In my native language (Persian/Farsi), there is a certain widly used adjective commonly referred to people who are somehow wise, respectful and civil. Lets say the adjective is X, then for instance:

Those who throw out trash, sound their vehicle's horn very often, have medieval ideas about the rights and roles of women and ... are not X.

On the other hand, those who have read a lot of books, settle their disagreement in private rather than yelling at each other in a public place, respect others opinion and treat them with respect and ... are X.

Also talks such as "As long as people lack (noun of)X , nothing's gonna change in this country" are very common in my country.

It's worth mentioning that Google translates X to "Cultured" which is probably not very accurate.

Considering my explanations, is there any proper adjective which accurately means X in English?

  • 1
    Yes, that sounds perfectly logical and natural to me. I'm still not sure if it expresses all the wonderful things your word does, though! Honestly, though, "cultured" might be almost too nice for that idea. You don't have to be very wonderful not to throw trash out the window. That's a pretty low bar. Dec 23, 2017 at 9:27
  • 1
    @joiedevivre Thank you :D I think the word which is "Farhang" btw, is a mixture of being cultured, civil and educated, so I guess I can use these synonyms separately in the right context. Thanks again :) Dec 23, 2017 at 9:36
  • 1
    Of course! By the way, "cultured" already definitely implies both "civil" and "educated!" I'm just not so sure it always implies "wise" or "open-minded." Dec 23, 2017 at 9:39
  • 1
    @joiedevivre : Then I guess I've had my answer. If you'd like to post your comments as an answer, I'd be happy to mark it as 'accepted'. Thanks again :) Dec 23, 2017 at 9:44
  • 1
    @Bahman_Aries - I'm glad you got the help you sought. You might want to wait a little longer before accepting an answer, though, as a matter of practice. Here's why.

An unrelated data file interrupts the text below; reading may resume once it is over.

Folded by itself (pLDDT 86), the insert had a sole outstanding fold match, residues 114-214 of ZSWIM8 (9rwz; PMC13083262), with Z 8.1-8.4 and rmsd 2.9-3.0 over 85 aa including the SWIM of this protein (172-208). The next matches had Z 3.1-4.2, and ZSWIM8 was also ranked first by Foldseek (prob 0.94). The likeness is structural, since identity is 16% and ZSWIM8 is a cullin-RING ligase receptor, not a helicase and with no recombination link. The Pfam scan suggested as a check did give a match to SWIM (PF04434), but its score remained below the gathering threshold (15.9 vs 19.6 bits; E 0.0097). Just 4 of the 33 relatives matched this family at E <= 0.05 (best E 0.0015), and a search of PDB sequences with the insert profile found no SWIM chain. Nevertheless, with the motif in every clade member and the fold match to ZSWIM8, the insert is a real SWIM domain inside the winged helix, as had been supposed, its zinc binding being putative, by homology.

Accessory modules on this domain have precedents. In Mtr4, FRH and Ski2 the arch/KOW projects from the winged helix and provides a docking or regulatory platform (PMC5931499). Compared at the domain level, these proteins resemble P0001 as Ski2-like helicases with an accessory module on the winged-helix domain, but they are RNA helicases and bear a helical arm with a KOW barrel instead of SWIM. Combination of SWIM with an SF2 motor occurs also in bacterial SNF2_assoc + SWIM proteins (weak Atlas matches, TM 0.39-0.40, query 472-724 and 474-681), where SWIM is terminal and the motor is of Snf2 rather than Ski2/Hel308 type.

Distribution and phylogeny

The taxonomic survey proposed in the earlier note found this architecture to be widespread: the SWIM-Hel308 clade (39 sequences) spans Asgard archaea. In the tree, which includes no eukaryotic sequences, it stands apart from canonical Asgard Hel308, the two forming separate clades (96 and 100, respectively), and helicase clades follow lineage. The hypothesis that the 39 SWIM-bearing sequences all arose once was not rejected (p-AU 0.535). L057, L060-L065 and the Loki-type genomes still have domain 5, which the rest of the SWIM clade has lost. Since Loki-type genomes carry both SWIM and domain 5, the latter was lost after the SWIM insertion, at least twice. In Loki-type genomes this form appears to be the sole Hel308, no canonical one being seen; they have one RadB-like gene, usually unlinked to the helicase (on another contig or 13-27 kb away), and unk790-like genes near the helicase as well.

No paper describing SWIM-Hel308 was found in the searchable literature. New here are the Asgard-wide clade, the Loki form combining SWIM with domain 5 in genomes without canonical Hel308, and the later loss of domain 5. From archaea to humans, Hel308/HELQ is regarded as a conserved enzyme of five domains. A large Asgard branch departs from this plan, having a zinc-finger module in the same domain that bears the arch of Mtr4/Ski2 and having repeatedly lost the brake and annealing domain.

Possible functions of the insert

– J.R.
    Dec 23, 2017 at 11:29

2 Answers 2


I hate to say Google translate is good for anything, but I think that in this case, cultured fits your first two examples well. It definitely implies that a person is educated, respectful, and civil:


It probably doesn't always mean that a person is wise or open-minded, though.

In your final example, "as long as people lack X, nothing's gonna change in this country," you'd have to change "cultured" to "culture." However, this might be the one situation where you'd want to look for a word that is more specific to your meaning. Although cultured is typically a praiseworthy quality, it can also have a connotation that is a little bit classist. That is, it's much harder for people who are born poor to become cultured. So, in that one case, you might prefer a word like civility or respect.

  • 3
    The word sophisticated – which is a synonym of cultured – might also work in this context.
    – J.R.
    Dec 23, 2017 at 11:33
  • @J.R. I think sophisticated has even more classist connotations than cultured. I also don't really associate it with the concepts of "civility" or "manners." Dec 23, 2017 at 12:08
  • 1
    @joiedevivre : True, and for this reason, I'm gonna stick to "cultured" for now :) Dec 23, 2017 at 12:12
  • 1
    @Bahman_Aries I do think it fits your context better! It seems like politeness may be important here, and there's pretty much no association between sophistication and manners! Dec 23, 2017 at 12:15
  • 2
    @joiedevivre - Maybe not well-mannered, but perhaps overtones of better-educated. In any case, I didn't claim it was a better word, I just thought it might be a good one for interested learners to check out.
    – J.R.
    Dec 23, 2017 at 12:48

I think the word civilized fits your intent, both in meaning and in the context in which it can be used (it fits well into X in the first two examples).

As for the noun, culture may be better than civilization.

Also, well-mannered is a suitable adjective and manners is a good fit to the X in the third example.

  • One context I have in mind is something like this: "to solve the traffic problems, we shouldn't merely rely on government to take action, we, as members of the society, should also try to become more X . I think here, civilized fits well, right? Dec 23, 2017 at 13:46
  • I would agree. Alternatively you could use "well-mannered" here. Both would fit better than "cultured". Actually I should add it to the answer. Dec 23, 2017 at 13:54
  • Great! guess these words are all good alternatives in the right context. Thanks :) Dec 23, 2017 at 14:01
  • Still, I have some doubts about "manners" because lack of "x" in Persian might be even considered the root of all problems in developing countries. But "manners" seems a little too light to have such an impact. Dec 23, 2017 at 14:09
  • 1
    Some words don't have exact translations, especially when they describe something very culture-specific (arguably, some cultures are not civilized...) This may be one of them. Dec 23, 2017 at 14:14

You must log in to answer this question.

Not the answer you're looking for? Browse other questions tagged .